After spending the day bundled up in the high mountains, it is an abrupt change to find ourselves in the old town of Aosta. The sun is warm, and as we relax and drink beers we witness a perfect slice of Italian life unfold around us. The striking differences between our morning’s departure and where we are now help to gel the unique experiences of the day together, and we celebrate two-wheeled travel, Italian style.
Story and photos by Joe Schwartz, Osprey Athlete
Here at Osprey, we’re huge supporters of Shannon Galpin, who has created an epic movement with Mountain 2 Mountain, and who is actively moving mountains in Afghanistan by giving women and girls in conflict areas a voice — the catalyst for social change. Let’s all take a minute to listen to what Shannon has to say in her TEDx talk: Two-Wheeled Revolution, in which she explains how the bicycle is a vehicle for social justice, and shares her experiences and work in Afghanistan creating the Afghan Women’s National Cycling Team.
Many of us spend most of our days cooped up in a building, attending to our duties and responsibilities as working adults. So it’s important — if not imperative — to get away, whether in true physical form or from time to time, by way of a great video that shows off someone else’s adventure (and inspires our own).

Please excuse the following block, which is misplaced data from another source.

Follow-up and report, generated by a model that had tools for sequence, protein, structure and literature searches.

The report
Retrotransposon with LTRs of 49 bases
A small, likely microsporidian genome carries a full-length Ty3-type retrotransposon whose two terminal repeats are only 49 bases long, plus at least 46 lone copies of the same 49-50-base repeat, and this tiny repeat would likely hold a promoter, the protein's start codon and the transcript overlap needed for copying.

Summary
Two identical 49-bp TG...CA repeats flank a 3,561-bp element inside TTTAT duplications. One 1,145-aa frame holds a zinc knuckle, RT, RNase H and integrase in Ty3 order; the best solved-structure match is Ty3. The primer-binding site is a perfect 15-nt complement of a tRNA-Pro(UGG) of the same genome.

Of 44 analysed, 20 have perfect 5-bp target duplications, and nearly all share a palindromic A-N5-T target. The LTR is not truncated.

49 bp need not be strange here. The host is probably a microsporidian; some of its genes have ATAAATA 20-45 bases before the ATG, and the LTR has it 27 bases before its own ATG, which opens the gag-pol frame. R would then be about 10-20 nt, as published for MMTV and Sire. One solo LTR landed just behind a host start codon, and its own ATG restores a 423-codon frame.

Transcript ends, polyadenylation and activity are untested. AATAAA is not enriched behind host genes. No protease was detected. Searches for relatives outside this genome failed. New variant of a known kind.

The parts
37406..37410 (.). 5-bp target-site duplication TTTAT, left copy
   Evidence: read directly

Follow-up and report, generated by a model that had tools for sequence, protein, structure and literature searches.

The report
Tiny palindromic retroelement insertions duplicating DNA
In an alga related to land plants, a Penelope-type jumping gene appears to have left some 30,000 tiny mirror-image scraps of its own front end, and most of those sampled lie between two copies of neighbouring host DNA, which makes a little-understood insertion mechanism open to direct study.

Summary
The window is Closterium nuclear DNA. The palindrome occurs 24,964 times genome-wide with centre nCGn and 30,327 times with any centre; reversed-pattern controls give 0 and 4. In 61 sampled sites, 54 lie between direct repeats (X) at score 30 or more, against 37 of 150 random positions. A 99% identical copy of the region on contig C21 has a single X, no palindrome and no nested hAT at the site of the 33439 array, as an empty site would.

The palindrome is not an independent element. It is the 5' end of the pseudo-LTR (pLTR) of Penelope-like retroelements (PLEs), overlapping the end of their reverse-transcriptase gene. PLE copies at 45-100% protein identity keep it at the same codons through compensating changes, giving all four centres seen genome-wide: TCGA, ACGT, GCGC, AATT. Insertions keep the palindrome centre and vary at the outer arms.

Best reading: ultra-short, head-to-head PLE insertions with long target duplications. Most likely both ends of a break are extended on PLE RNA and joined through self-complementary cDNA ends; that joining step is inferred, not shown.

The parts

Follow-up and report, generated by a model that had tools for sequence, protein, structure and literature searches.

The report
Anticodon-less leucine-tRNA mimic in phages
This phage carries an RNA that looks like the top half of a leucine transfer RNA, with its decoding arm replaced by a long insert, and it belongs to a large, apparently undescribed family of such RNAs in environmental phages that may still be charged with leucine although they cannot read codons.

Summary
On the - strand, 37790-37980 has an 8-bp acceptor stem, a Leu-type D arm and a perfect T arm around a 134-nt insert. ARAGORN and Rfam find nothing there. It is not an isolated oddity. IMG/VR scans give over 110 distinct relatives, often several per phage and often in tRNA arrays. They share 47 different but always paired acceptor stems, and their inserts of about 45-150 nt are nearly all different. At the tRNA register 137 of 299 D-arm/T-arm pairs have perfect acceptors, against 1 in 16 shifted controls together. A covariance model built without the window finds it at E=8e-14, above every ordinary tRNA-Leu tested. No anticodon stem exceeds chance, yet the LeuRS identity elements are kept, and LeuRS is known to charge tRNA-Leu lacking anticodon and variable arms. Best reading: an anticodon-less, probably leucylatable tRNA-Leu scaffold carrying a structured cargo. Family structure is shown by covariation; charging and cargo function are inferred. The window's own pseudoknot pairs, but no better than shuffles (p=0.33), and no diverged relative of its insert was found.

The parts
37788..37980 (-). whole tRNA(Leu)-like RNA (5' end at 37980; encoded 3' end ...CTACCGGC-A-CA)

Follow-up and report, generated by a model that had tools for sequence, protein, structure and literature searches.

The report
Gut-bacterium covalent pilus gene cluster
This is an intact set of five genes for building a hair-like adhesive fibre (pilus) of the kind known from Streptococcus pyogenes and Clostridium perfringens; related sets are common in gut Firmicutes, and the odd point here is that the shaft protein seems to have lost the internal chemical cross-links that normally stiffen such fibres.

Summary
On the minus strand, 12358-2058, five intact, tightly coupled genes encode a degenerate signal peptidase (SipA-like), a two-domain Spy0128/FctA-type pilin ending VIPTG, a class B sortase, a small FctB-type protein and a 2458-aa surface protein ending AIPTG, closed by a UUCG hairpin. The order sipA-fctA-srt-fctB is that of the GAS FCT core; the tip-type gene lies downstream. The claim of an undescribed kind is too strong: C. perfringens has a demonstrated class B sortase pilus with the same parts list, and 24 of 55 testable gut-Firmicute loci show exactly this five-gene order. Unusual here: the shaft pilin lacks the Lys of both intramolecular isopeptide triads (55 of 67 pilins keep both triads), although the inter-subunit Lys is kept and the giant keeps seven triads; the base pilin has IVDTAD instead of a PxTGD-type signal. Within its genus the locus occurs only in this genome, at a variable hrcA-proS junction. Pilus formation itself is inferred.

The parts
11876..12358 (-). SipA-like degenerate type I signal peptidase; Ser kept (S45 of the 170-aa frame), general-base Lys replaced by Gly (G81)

Today, take a trip to Peru and let yourself get lost.
Thanks to Join Ali Goulet, Chris Van Dine and Aaron Chase for making this film!
Six years ago, Shannon Galpin walked away from her career as an athletic trainer and used her own limited funds to launch Mountain2Mountain and “be the change” she wished to see in the world. Today, Shannon and the M2M team, are just returning from their latest trip to Afghanistan where they launched the Streets of Afghanistan project and rode bicycles through Kabul to raise awareness of cultural barriers and empower women and girls in conflict regions.
As big supporters of Shannon and the M2M work she does, we’re happy to stay in touch with her and get period updates throughout her travels. That said, we’re also excited to share what she has to show and tell from those very journeys, the latest of which center around the Streets of Afghanistan project. Here’s the latest from Shannon both in words and in pictures. Enjoy!